1. Add one-fourth cup of bleach to your bathwater and mix well.
  2. Soak in it for 20 to 30 minutes.
  3. You can also spray some bleach on the poison ivy plant to kill it.
How Often You Should Do This

You must do this as soon as you come in contact with poison ivy for best results.

Why This Works

Bleach contains chlorine, a natural disinfectant that tends to dry out your skin. The bank of america atm withdrawal limit personal and drying properties of bleach can soothe the itch and speed up the healing of the poison ivy rash (5).


If you have sensitive skin, avoid this remedy as it might cause a burning sensation.

5. Jewelweed

You Will Walking the west highland way in 4 days jewelweed plant

What You Have To Do
  1. Crush the stems of the jewelweed plant to form a paste.
  2. Apply this paste over the rashes.
  3. Allow it to dry and then wash it off with water.
How Often You Should Do This

You must do this twice daily for a few days.

Why This Works

Jewelweed is popularly known as the touch-me-not plant. It contains saponins that help in drying the liquid-filled blisters and soothe the itching and inflammation (6), (7), (8).

6. Banana Peel

You Will Need

1 banana peel

What You Have To Do
  1. Rub a banana peel over the affected areas.
  2. Leave it on for 10 to 15 minutes before washing it off with water.
How Often You Should Do This

You can repeat this remedy 2 to 3 times in a day.

Why This Works

Banana peels are quite popular for their antimicrobial and anti-inflammatory properties. They help in soothing the itching and inflammation that accompany a poison ivy rash and protect your skin from further infection (9), (10).

7. Toothpaste

You Will Need

Toothpaste (as required)

What You Have To Do
  1. Take a little toothpaste on your fingers and dab it on the affected areas.
  2. Allow it to dry before washing it off with water.
How Often You Should Do This

You must do this 2 to 3 times daily until there are no traces of the rash.

Why This Works

Toothpastes (especially the mint-flavored ones) exhibit exceptional soothing and cooling properties. The glycerin in the toothpaste helps in drying up the rash and speeds up its healing (11). It also reduces inflammation and redness.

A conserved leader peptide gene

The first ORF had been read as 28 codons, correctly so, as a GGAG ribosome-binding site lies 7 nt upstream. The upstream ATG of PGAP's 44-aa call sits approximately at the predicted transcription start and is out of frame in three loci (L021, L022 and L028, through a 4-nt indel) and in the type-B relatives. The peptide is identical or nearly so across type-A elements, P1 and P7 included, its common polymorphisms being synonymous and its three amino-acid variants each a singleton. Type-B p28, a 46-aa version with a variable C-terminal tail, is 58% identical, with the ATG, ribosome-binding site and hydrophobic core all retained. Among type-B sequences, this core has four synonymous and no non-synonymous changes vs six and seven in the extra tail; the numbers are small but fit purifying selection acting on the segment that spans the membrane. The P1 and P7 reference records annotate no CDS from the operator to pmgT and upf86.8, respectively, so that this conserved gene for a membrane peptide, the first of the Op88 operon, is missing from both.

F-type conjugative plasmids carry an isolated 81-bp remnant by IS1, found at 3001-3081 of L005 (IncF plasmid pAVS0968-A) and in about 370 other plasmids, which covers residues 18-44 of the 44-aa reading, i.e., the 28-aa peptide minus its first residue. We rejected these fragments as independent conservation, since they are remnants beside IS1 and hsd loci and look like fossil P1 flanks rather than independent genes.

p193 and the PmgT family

8. Essential Oils

a. Tea Tree Oil

You Will Need
  • drops of tea tree oil
  • 1 diy home remedy for poison ivy of any carrier oil (coconut or olive oil)
What You Have To Do
  1. Add two to three drops of tea tree oil to any carrier oil and mix well.
  2. Apply this mixture to the affected areas.
  3. Leave it on for 15 to 20 minutes and then take a bath.
How Often You Should Do This

You must do this at least once daily for a few days.

Why This Works

Tea tree oil reduces inflammation and prevents infection in the affected areas due to its anti-inflammatory and antimicrobial properties (12), (13). It also eliminates pain, if any, and promotes faster healing of the rashes.

b. Peppermint Oil

You Will Need
  • drops of peppermint oil
  • 1 tablespoon of any carrier oil (coconut or jojoba oil)
What You Have To Do
  1. Add three to four drops of tea tree oil to a tablespoon of any carrier oil.
  2. Mix well and apply it to the affected area.
  3. Leave it diy home remedy for poison ivy for 15 to 20 minutes and then wash it off with water.
How Often You Should Do This

Do this twice daily for a week or two.

Why This Works

Peppermint oil is one of the best essential oils for treating a poison ivy rash. It contains antioxidants and an active compound called menthol, both of which help in soothing the rash (14).

9. Coconut Oil

You Will Need

Coconut oil (as required)

What You Have To Do
  1. Take a little coconut oil on your fingers and apply it to the rashes.
  2. Leave it on and let it be absorbed by your skin.
How Often You Should Do This

You must apply coconut oil 2 to 3 times daily for a few days.

Why This Works

The anti-inflammatory, analgesic, and antifungal properties of coconut oil soothe and relieve the itching and the pain and also speed up your recovery (15), (16), (17).

Epsom Salt

You Will Need
What You Have To Do
  1. Add a cup of Epsom salt to your bath.
  2. Soak in it for 20 to 30 minutes.
How Often You Should Do This

You must do this once daily for a week or two.

Why This Works

Epsom salt contains magnesium, which imparts anti-inflammatory properties to it (18). This magnesium is absorbed by the skin, which reduces inflammation and promotes healing (19).

Aloe Vera

You Will Need

Aloe vera gel (as required)

What You Have To Do
  1. Apply a little aloe vera gel to the affected areas.
  2. Allow it to dry and reapply as required.
How Often You Should Do This

Apply aloe gel multiple times a day for a few days.

Why This Works

Aloe vera contains active compounds that have healing, soothing, antifungal, and anti-inflammatory properties, which can treat a poison ivy rash (20), (21), (22).

Lemon Juice

You Will Need
  • 1 teaspoon of lemon juice
  • 1 tablespoon of any carrier oil (coconut or olive oil)
What You Have To Do
  1. Mix a teaspoon of lemon juice with any carrier oil.
  2. Apply this to the rash.
  3. Leave it on for 10 to 15 minutes and then wash it off with water.
How Often You Should Do This

You can do this once every alternate day for a week or two.

Why This Works

The acidic nature of lemon juice can help neutralize the pH of your blistered skin, thereby helping it to dry faster. Lemon is also a rich source of vitamin C, which has anti-inflammatory properties and can help in reducing the itching, inflammation, and swelling (23).

Neem Oil